Characteristics of the Flat Cut
The flat cut, on the other hand, is the other half of the brisket. It’s leaner and denser compared to the point cut. This part of the brisket, also known as the “first cut” or “thin cut,” has less fat marbling.
Despite its lean nature, the flat cut is far from being flavorless. It provides a robust beef flavor that’s appreciated by many barbecue enthusiasts. It’s excellent for slicing and often served as the centerpiece of barbecue meals.
However, due to its lower fat content, the flat cut requires careful cooking to avoid drying out. Maintaining a low and consistent temperature during the cooking process is crucial to ensure the meat remains juicy and tender.
What Are The Different Ways To Cook Brisket?
Now that we’ve gotten well-acquainted with our star cut of beef, let’s explore the exciting ways we can bring it to life on the plate. Although brisket isn’t a one-trick pony, it’s not exactly the
- Smoking – Place the brisket in the smoker and off you go. Smoking is the classic go-to method for many brisket lovers. It’s a bit of a labor of love, requiring patience and time (lots of it!), but the payoff is a brisket imbued with deep, smoky flavor and that melt-in-your-mouth tenderness that’s the stuff of BBQ legends.
- Roasting – For those who prefer to keep things indoors, roasting is a fantastic option. It’s all about cooking the brisket at a low temperature in your oven for an extended period of time. This method can deliver a beautifully tender brisket that’s perfect for a Sunday roast.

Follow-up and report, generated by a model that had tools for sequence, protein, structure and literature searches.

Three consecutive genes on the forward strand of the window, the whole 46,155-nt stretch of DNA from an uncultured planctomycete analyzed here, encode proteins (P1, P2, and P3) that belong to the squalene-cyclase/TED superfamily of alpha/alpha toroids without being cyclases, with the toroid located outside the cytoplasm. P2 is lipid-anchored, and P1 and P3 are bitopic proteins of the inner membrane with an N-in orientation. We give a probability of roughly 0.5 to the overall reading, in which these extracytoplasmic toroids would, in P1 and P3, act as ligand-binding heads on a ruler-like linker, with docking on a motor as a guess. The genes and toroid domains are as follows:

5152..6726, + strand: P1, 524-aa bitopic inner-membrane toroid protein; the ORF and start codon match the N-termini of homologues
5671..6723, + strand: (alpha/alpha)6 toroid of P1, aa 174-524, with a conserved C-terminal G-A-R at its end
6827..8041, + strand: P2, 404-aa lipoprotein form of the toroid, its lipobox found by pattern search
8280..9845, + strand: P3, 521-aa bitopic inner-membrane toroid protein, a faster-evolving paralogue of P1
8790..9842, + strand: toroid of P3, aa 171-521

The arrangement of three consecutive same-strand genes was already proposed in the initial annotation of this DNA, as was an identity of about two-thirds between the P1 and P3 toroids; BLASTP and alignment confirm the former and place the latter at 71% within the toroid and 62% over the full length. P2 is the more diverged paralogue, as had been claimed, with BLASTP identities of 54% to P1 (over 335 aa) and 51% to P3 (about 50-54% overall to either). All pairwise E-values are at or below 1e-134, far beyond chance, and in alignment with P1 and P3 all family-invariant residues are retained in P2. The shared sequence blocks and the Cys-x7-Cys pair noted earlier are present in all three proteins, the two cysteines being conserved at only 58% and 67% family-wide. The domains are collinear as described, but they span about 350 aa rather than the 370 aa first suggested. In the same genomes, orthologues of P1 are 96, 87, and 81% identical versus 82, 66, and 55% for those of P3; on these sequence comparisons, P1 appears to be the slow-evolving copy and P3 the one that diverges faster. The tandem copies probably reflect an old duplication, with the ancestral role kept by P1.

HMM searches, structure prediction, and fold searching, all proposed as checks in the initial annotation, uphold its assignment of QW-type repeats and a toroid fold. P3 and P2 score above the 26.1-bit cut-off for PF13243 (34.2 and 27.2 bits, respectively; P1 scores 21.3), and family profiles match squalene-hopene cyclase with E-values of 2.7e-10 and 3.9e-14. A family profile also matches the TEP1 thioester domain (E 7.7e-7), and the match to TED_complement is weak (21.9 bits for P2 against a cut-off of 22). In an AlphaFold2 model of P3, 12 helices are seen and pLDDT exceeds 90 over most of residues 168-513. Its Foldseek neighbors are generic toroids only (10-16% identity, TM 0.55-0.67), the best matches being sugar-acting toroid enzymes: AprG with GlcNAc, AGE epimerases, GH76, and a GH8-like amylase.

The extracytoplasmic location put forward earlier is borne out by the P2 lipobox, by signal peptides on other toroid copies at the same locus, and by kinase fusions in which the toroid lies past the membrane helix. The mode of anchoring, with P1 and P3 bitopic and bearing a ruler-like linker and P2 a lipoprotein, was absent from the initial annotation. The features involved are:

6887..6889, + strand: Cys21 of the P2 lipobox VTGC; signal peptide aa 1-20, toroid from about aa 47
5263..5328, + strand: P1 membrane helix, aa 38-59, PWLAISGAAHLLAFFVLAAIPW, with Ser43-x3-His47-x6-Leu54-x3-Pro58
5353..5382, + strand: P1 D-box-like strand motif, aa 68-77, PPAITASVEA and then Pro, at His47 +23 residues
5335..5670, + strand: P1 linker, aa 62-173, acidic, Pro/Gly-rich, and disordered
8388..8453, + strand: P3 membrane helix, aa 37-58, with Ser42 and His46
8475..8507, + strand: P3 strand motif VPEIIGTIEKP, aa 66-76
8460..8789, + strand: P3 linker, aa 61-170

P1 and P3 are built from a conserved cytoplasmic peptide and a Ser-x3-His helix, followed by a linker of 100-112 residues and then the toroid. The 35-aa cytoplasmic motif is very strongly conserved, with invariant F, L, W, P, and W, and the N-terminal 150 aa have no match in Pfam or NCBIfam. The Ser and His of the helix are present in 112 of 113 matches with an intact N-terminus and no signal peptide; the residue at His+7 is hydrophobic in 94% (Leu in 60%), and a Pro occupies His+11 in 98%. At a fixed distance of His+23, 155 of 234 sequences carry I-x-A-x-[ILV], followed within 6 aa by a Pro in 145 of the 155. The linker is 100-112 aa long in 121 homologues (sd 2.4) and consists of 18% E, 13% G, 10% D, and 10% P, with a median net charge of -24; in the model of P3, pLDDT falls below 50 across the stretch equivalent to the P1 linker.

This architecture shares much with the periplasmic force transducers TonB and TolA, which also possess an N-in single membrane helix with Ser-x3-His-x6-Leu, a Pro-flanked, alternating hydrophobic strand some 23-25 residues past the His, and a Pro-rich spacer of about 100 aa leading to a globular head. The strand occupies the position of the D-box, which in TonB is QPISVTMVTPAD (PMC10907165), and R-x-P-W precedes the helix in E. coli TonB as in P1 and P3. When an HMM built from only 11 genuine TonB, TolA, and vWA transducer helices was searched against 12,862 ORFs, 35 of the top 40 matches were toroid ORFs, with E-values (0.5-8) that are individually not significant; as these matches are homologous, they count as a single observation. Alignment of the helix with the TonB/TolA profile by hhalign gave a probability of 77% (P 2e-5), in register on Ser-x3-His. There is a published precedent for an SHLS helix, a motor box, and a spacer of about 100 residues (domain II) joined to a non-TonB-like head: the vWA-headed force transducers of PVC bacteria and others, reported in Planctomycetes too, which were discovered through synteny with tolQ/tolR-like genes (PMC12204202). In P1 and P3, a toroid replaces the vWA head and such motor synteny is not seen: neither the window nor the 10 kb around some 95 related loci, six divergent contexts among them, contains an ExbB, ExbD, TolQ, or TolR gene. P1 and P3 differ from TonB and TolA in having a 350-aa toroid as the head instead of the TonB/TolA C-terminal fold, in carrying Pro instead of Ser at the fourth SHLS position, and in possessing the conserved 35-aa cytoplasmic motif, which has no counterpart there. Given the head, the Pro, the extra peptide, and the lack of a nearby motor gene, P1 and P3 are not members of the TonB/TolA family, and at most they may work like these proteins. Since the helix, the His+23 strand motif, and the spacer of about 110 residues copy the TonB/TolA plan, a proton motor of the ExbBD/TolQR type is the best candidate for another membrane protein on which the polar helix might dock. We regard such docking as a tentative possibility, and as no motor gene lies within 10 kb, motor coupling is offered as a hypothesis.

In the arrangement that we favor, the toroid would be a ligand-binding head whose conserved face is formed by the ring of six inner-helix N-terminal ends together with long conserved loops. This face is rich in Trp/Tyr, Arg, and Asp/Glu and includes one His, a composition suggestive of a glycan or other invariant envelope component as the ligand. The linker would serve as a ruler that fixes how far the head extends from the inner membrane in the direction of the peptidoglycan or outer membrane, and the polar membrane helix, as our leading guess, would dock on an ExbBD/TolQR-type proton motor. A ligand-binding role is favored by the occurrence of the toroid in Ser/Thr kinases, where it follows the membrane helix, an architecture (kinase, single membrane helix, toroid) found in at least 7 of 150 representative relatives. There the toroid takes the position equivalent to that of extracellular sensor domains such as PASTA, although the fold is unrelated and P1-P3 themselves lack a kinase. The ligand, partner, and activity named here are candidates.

- Braising – This is the superhero of cooking methods for transforming tough cuts like brisket into fork-tender delights. Braising involves searing the brisket, then letting it simmer slowly in a flavorful liquid. The end result will be a tasty flavor-infused pot roast. Sometimes, even your smoked brisket can end up tasting like a pot roast.
- Curing – A unique method that turns our beloved brisket into a whole new culinary delight. When you cure a brisket, you’re taking it on a flavorful journey that results in corned beef. This process involves marinating the brisket in brine with curing salts and seasonings for several days. The result? A deliciously tender, flavorful, and aromatic corned beef that’s a far cry from the canned stuff. It’s a corned beef experience that’s sure to make your taste buds dance a jig of joy. So, if you’re up for a culinary adventure, give curing a go!
- Boiling – Just kidding, folks!
This cut of beef requires patience. Keep it low and slow, and it’ll reward you with a BBQ experience that’s nothing short of sublime. Rushing the cooking process or using high heat will only end with a brisket that’s as tough as cowboy boots.
TIP: You can braise brisket even on a standard gas or charcoal grill – sear it over high heat and then place it in a covered foil pan and keep the heat low for several hours.
How Long Does It Take To Cook Beef Brisket?
Alright, now we’re getting to the meat of the matter (pun absolutely intended!). How long does it take to cook this hunk of beefy goodness known as brisket? Well, my friends, if you’re looking for a quick fix, brisket probably isn’t your guy. But if you’re ready to invest some time in pursuit of BBQ excellence, then read on.